Quartz Heater Vs. Ceramic Heater Efficiency

If you are using natural gas or oil in your home or apartment, you may want to look into alternative ways to save money when it comes heating. Because of the rising energy costs, you may start looking into purchasing a space heater, in order to lower the thermostat and save a few dollars on the energy bill each month. Two of the more popular choices when it comes to space heaters are the quartz and ceramic heaters. Each of these choices have their advantages and disadvantages when it comes to efficiency.

Quartz Heater Efficiency

What makes quartz heaters so efficient is that they use a wound resistance coil that runs through a series of parallel tubes. All of the parts are encased in highly reflective, aluminium steel body, which prevents heat from escaping to the back of the devise.

Ceramic Heater Efficiency

Ceramic heaters are robust and efficient heaters and are responsible for providing a long wave infrared radiation. These types of heaters use a specialised process, which involves an alloy resistance wire that is wrapped around a ceramic body.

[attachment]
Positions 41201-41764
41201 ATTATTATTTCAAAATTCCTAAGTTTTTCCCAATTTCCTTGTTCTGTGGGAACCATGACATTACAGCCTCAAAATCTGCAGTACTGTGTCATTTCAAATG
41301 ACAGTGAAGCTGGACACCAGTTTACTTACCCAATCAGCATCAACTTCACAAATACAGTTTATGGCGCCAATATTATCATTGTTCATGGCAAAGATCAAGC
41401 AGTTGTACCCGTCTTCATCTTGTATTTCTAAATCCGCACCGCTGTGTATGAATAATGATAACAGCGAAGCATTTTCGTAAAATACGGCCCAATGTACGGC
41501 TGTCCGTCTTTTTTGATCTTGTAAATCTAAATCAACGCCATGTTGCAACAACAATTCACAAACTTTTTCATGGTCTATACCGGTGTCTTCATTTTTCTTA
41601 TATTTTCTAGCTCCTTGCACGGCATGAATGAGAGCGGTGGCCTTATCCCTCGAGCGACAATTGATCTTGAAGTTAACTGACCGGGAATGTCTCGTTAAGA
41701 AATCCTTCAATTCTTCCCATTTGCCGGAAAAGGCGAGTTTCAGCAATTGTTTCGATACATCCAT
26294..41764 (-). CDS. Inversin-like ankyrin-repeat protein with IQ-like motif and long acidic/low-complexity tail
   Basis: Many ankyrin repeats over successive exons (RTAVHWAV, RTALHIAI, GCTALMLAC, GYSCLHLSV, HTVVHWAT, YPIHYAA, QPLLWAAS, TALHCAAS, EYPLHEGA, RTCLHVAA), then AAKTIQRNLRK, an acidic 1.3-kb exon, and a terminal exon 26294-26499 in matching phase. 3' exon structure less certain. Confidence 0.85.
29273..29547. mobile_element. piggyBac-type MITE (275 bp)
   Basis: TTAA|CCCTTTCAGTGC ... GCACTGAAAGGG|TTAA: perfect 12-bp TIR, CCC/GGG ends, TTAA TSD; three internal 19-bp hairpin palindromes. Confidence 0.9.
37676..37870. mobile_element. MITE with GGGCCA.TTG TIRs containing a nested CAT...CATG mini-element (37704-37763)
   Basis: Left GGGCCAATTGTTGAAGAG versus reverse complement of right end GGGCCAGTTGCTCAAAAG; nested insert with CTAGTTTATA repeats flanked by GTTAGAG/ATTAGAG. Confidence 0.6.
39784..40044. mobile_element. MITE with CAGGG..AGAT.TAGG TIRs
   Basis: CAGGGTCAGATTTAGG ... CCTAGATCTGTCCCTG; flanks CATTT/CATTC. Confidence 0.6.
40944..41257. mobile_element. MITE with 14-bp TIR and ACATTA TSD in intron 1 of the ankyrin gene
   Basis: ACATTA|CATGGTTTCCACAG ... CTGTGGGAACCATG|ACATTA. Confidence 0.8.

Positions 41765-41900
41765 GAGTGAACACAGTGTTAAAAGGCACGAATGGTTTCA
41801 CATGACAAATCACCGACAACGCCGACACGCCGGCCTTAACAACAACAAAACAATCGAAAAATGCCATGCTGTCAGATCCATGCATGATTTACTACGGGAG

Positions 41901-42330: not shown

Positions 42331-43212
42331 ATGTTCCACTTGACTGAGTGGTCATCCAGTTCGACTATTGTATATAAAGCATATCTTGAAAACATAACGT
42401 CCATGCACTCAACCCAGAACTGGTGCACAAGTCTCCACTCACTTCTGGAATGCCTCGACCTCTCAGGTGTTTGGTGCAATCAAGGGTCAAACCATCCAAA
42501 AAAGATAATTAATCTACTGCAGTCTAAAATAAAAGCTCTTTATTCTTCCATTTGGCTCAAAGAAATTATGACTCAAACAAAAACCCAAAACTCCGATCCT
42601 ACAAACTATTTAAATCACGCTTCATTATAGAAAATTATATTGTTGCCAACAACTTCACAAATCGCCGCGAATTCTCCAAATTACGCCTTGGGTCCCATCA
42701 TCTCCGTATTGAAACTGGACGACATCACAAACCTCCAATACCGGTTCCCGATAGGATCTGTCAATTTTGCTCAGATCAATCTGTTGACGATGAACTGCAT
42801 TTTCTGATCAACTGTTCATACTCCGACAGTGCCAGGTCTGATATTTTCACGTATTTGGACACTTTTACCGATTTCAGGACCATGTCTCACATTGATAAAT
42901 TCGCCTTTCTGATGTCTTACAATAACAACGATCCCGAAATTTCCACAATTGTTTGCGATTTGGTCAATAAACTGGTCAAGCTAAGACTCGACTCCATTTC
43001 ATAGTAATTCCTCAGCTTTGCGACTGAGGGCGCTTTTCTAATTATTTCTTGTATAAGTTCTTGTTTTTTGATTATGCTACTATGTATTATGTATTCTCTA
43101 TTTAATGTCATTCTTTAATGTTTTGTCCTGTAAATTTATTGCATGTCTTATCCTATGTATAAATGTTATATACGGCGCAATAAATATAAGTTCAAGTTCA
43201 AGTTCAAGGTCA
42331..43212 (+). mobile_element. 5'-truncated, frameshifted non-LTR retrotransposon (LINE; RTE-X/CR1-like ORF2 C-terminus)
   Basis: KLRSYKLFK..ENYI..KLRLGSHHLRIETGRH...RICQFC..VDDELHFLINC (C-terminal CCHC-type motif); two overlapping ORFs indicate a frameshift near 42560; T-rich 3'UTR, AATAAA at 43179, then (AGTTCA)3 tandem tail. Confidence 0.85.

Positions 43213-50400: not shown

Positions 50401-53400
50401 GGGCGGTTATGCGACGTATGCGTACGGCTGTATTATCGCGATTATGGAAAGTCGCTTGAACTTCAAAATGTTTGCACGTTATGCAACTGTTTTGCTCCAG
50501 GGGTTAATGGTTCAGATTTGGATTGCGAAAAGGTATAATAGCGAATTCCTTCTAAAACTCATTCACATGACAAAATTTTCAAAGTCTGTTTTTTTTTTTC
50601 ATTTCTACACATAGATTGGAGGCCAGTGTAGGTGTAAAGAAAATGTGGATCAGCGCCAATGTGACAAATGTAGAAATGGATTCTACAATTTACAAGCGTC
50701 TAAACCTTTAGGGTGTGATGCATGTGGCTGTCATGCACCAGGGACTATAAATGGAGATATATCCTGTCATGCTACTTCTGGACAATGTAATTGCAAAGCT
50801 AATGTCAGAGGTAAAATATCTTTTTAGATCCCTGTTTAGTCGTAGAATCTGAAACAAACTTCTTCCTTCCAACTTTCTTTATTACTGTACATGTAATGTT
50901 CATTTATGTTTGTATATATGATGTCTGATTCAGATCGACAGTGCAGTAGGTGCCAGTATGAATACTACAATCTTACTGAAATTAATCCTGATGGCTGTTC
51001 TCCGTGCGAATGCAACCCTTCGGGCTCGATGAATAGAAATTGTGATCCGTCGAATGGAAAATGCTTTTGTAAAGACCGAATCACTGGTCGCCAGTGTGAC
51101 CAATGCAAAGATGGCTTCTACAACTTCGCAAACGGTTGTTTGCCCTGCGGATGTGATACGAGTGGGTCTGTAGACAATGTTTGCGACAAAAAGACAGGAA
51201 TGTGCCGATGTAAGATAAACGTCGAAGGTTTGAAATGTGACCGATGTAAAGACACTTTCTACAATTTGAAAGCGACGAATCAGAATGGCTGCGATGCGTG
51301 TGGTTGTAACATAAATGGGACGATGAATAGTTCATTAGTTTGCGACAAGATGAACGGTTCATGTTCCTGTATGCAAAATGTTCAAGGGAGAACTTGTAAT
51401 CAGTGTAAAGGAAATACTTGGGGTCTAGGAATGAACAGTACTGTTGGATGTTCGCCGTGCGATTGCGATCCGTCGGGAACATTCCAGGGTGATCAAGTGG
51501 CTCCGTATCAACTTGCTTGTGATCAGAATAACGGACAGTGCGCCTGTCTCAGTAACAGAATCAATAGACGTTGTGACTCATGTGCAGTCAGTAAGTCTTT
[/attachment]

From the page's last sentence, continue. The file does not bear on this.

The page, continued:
Energy Efficiency

Quartz heaters convert 100 per cent of the electrical energy it uses into heat, but lose their efficiency after 10-15 feet. Quartz heaters are made for situations where you are sitting in one particular place and only need to heat the one area. Properly designed ceramic heaters offer 85 per cent efficiency and are able to heat up an entire room. Ceramic heaters offer flexibility in zoning, long life and uniformity.


You need to be careful when using quartz heaters, and they shouldn't be situated closely to a solid object. If the heat becomes too concentrated or focused on a small area, it can result in burns or even cause a fire. Ceramic heaters tend to be more safety efficient, because they operate at a lower temperature.


The ratio of convected heat to radiated heat is higher in ceramic heaters; therefore, quartz heaters are a popular choice for overhead heaters. Quartz heaters can move up to full working temperature more quickly, because they don't have the mass of a ceramic heater.

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About the Author

Ted Marten lives in New York City and began writing professionally in 2007, with articles appearing on various websites. Marten has a bachelor's degree in English and has also received a certificate in filmmaking from the Digital Film Academy.